Julie Kent Tells a Story — This Time With Words

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For Julie Kent, artistic director of the Washington Ballet, her past career as a principal dancer at American Ballet Theatre is never far from her in the sense of what motivates her, how she works or what she does.

“For me,” she said, speaking at Georgetown Media Group’s 17th Cultural Leadership Breakfast Dec. 8, before a packed and attentive audience at the George Town Club, “’as a person, as a mother, as an artist, it’s always a question of who I am, who I’ve been and who I want to be.

“In everything I’ve done, it’s always seemed like I’m telling a story without words, with a beginning, a middle and a conclusion.”

Kent’s life has been well chronicled in many pages of words with dazzling photographs: as ingénue dancer, as a major ballet star in the blinding media venue of New York City, as a wife, as the mother of two young children. Her exceptionally long and successful career onstage ended when she retired in June of 2015 after a spectacular farewell performance as Juliet.

“Here we are,” she said, “at the beginning of something new.”

She talked a little about how difficult it was for a dancer ending her performing career. “It’s like leaving my youth behind,” she said, “but then you think about the next part of your career and life.

“What’s interesting is that in everything you do in dance, it’s about trying to achieve perfection, which, of course you never do,” she said. “But it’s about process and the pursuit, not the destination.”

In person, she’s impossible to mistake for anything but an artist, as well as the dancer she remains in body and spirit, with a palpable intensity underpinned by thoughtfulness and intelligence. She is still telling stories — about ballet, about the future and the past, about the pursuit of excellence. She lays out her hope and ambition for expanding the company, taking it to the next level, building on the achievements of Mary Day, who founded the Washington Ballet in 1976, and Septime Webre, her predecessor as artistic director.

Even in retirement, she had been happy in New York working at ABT as artistic director of the company’s summer intensive program. She came to D.C. for two profound reasons: “There was the opportunity I could perhaps change and enhance the cultural leadership and climate in the nation’s capital — which is not a small thing, nor is it easy — and I could build from a well-established base and foundation, and help create excellence as a natural progression from what was already there.”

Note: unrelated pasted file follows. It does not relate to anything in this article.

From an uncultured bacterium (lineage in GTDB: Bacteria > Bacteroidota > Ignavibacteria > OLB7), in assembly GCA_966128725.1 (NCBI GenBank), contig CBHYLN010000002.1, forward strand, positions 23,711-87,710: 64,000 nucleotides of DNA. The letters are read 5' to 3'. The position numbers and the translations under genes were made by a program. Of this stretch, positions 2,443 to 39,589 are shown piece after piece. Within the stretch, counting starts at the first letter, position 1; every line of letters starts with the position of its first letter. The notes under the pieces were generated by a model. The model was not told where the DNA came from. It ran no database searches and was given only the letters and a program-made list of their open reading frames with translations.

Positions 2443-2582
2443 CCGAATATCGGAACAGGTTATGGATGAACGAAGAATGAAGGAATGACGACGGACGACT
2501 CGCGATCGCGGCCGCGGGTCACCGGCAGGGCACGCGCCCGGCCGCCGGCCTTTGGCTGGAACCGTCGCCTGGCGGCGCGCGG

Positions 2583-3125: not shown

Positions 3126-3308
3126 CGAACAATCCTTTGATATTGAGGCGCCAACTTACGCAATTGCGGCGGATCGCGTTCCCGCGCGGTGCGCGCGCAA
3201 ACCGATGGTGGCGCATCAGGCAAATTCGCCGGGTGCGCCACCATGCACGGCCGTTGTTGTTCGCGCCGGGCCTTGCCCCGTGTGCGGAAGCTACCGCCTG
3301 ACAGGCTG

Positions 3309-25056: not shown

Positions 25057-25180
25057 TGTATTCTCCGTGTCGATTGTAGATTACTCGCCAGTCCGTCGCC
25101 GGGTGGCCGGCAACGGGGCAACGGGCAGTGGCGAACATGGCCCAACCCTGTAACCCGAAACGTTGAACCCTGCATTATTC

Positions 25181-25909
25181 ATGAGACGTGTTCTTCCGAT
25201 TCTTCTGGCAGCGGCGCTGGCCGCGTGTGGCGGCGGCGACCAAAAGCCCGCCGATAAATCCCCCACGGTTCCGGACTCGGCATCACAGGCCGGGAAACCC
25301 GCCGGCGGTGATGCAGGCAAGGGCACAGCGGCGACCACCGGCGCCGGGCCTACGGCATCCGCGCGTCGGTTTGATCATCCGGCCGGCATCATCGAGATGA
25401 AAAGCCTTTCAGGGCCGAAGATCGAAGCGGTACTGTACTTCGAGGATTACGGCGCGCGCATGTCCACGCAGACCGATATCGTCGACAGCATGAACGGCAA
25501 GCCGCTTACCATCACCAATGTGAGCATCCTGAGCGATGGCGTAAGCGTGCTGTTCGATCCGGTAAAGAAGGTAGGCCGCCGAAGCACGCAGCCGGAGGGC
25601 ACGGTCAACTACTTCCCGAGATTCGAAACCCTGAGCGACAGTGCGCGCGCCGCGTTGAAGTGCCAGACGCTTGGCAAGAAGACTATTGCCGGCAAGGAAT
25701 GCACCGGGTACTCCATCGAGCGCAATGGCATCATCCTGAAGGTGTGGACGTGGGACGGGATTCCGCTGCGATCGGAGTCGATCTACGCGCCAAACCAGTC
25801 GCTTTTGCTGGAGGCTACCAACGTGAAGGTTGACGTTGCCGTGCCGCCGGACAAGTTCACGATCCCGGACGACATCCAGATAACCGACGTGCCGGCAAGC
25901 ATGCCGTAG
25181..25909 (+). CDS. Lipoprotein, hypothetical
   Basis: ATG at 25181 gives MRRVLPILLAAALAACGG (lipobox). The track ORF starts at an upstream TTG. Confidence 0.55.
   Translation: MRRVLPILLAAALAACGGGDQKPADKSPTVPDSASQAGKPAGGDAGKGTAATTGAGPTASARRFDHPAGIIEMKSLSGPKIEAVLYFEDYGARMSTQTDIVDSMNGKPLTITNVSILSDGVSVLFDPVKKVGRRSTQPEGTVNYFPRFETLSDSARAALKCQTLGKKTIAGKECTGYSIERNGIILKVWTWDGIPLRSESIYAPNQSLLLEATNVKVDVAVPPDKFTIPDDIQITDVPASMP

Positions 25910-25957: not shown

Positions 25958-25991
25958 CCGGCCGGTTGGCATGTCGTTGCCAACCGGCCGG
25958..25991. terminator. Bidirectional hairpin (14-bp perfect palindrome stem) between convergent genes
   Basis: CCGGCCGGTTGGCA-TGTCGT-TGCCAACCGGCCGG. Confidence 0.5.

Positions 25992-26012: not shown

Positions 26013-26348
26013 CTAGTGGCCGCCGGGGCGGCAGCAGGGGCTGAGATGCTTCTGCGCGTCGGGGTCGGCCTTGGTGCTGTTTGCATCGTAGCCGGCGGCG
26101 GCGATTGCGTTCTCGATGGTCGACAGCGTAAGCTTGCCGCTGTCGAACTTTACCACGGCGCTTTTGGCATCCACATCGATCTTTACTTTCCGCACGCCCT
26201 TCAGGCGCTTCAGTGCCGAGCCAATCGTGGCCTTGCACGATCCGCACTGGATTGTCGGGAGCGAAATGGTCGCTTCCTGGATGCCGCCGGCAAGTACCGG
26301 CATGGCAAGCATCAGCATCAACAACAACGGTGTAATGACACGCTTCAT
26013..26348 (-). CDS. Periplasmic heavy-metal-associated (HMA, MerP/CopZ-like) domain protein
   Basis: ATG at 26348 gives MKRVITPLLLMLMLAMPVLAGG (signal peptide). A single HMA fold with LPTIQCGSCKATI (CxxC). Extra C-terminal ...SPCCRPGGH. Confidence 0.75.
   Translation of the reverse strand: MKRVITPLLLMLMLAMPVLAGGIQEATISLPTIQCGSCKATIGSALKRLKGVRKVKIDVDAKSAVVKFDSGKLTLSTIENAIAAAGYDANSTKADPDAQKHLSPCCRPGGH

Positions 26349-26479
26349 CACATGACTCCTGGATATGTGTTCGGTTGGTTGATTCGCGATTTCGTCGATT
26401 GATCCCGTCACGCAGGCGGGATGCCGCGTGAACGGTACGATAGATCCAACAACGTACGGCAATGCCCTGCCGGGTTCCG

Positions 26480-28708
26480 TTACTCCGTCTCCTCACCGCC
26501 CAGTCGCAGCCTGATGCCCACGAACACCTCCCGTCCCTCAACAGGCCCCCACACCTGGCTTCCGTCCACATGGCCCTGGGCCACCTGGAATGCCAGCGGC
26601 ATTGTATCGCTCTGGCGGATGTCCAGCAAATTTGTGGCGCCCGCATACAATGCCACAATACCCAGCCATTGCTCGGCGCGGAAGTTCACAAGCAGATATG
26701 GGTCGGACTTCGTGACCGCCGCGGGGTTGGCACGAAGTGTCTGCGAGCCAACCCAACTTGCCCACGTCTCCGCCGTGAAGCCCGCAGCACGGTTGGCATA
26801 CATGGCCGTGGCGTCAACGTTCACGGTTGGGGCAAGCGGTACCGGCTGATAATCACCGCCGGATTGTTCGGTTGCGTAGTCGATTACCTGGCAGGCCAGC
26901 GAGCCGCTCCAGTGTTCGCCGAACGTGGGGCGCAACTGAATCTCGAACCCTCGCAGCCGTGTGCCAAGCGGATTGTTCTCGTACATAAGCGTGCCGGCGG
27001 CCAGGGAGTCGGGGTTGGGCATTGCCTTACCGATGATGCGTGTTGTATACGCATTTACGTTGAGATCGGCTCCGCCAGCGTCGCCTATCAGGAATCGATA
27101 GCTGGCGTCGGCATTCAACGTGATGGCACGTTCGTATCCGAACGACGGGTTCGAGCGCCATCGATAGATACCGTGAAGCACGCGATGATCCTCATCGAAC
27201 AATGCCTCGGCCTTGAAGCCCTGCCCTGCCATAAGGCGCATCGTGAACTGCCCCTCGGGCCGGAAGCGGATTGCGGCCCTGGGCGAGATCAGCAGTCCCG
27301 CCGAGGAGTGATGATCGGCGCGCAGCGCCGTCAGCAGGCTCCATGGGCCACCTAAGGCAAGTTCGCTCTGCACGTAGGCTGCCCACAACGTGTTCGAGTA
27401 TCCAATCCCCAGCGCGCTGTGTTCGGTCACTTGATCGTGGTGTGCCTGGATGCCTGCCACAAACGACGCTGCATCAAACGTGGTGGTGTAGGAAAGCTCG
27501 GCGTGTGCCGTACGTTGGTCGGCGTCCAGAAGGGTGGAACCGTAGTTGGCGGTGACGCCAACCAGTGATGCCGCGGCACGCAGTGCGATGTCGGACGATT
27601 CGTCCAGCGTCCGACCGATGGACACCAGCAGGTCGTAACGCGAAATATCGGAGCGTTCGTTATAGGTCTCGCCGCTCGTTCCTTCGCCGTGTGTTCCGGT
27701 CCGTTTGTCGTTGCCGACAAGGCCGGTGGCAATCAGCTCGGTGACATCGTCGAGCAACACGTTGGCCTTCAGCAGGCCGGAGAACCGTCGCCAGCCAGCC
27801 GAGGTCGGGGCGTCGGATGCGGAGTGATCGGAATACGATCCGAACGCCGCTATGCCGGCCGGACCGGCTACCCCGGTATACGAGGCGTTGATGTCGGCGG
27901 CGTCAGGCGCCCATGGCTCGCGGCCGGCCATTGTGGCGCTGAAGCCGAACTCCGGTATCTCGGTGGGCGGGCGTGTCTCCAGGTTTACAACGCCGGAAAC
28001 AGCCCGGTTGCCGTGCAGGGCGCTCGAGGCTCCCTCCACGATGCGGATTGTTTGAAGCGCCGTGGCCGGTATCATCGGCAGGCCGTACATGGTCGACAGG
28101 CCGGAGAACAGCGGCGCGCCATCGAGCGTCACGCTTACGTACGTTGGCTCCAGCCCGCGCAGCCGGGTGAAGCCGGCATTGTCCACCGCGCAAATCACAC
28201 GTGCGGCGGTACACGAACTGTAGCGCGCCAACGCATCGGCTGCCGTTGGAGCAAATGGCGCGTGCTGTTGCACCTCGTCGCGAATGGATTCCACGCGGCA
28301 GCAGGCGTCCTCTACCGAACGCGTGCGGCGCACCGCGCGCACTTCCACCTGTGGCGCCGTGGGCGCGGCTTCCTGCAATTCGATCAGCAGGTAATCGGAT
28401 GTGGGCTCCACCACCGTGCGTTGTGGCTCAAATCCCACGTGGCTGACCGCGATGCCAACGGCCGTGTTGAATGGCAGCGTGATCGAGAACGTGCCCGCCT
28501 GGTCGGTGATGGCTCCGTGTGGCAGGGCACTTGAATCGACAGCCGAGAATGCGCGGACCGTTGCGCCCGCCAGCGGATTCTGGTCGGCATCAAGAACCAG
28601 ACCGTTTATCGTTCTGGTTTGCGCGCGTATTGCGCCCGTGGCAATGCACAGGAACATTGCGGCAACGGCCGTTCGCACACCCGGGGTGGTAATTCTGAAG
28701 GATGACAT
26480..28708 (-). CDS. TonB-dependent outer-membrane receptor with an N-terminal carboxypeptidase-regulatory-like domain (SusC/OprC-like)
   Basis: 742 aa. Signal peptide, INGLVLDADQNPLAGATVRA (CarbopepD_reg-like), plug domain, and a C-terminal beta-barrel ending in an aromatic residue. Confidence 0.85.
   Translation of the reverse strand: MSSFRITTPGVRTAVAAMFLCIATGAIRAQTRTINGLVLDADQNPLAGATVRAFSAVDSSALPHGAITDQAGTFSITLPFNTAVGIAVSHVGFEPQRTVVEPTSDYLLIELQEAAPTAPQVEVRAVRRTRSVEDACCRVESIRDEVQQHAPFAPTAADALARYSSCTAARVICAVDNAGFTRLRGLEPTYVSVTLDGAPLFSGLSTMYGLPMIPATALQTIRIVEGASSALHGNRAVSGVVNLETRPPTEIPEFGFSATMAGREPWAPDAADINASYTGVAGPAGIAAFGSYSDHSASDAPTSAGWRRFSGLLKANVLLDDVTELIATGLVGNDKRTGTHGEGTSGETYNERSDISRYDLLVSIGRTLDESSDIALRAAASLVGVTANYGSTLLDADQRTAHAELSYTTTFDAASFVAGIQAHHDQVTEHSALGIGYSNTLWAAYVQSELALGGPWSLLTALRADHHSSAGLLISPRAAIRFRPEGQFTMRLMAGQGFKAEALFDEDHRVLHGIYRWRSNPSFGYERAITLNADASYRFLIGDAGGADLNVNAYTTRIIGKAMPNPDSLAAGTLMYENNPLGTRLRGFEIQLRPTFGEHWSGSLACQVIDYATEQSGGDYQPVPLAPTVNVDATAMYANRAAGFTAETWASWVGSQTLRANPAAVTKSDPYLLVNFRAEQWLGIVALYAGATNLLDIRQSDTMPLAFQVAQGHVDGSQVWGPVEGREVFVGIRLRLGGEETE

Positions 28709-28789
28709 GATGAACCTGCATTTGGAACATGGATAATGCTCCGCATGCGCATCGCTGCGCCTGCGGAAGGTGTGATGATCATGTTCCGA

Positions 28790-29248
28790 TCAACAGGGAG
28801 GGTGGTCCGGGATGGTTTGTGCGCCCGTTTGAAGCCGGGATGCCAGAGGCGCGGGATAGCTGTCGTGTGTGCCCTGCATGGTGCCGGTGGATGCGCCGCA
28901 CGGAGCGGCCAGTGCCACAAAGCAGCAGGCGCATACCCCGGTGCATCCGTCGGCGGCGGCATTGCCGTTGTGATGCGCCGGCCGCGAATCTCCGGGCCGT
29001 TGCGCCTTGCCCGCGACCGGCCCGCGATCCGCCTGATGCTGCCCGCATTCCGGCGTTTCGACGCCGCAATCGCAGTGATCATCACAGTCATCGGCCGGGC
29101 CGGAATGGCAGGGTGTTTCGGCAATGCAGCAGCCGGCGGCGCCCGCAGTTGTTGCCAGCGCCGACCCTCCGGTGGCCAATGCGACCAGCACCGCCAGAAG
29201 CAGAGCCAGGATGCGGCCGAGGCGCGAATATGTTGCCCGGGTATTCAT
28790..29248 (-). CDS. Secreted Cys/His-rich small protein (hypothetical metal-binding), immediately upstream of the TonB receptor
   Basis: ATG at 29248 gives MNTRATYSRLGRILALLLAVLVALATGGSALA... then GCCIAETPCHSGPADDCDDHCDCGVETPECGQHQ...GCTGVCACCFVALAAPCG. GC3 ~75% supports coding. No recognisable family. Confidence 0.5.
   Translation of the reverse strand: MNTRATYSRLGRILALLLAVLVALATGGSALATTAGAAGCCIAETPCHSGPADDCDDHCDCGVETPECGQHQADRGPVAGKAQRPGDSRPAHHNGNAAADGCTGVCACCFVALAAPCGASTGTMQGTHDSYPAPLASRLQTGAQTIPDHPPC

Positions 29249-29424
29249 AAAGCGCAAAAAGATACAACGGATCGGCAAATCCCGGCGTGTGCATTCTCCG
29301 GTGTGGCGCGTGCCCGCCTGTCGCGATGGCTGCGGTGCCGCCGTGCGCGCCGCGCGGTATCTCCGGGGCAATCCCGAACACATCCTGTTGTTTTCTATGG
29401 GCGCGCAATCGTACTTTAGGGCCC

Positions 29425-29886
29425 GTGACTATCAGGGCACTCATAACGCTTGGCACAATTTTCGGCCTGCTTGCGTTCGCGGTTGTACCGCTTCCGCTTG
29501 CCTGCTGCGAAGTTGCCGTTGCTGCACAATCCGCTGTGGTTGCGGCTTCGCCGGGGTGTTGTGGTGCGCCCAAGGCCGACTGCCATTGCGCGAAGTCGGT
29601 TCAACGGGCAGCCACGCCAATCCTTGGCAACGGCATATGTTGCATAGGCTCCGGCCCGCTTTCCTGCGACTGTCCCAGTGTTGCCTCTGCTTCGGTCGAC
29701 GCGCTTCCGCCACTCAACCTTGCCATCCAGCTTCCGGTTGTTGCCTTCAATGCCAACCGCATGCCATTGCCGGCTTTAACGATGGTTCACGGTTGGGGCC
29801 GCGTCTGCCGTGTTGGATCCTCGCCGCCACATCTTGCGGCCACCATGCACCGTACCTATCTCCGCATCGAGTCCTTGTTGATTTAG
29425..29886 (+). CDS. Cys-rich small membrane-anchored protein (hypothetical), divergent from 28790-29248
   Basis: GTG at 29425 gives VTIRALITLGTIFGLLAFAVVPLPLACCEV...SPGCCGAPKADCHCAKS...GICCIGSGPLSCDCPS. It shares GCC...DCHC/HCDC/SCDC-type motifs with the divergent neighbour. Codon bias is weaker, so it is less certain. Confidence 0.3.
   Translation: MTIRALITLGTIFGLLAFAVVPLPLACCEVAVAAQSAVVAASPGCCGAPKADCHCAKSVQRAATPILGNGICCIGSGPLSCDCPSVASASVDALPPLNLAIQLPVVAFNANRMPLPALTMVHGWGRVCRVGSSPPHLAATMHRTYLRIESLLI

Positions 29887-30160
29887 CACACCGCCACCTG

She wants “to do things correctly, and with integrity.” For Kent, that means the presentation of classic works by choreographers like Tudor and Ashton and Balanchine and more recent works by Ratmansky, Tharp, Kylián, Peck and Forsythe. And, next, “Giselle” March 1 through 5.

“Classic works set standards,” she said. “How do you know if you’re good if you don’t measure yourself against anything by doing classic works as a dancer or a company. You can’t just do new works, or all classics. You should have both. We have to look at the big picture. It’s about building.”

“The classics are classics for a reason,” she said. “They’re timeless.”

She was asked about a perceived notion about women in leadership in ballet, or that women might not be appreciated. She smiled at the thought of “women not appreciated in dance. It’s all about women and appreciation.”

Her first commission, a world premiere, will take place over Memorial Day weekend at the Kennedy Center, inspired by the John F. Kennedy Centennial Celebration. The choreographer is her longtime ABT colleague, dancer Ethan Stiefel. “He had just gone on a 9,000-mile motorcycle journey through parts of America, and I assume he had some time to think,” she said.

It was decided that the work, now called “Frontier,” with music by Adam Crystal, would focus on space exploration, also referencing JFK’s vision of a New Frontier, as expressed in his 1960 acceptance speech: “We stand today on the edge of a New Frontier — the frontier of the 1960s, the frontier of unknown opportunities and perils, the frontier of unfilled hopes and unfilled threats.”

We heard the word “integrity” a number of times during the course of the morning. It floated into talk about leadership, about the work and the process, about technical positions in ballet. “Dancing,” she said, “is about focus, about the body, about how to use the body, the fingers, eyes. And it’s about daily commitment. Some things are basic in terms of training and work and don’t change.”

Part of the job of being artistic director of the Washington Ballet is preaching the gospel of ballet, about being not only an ambassador for the Washington Ballet, but ballet itself. On this morning, it’s fair to say that she presented her credentials beautifully, and accomplished her mission.

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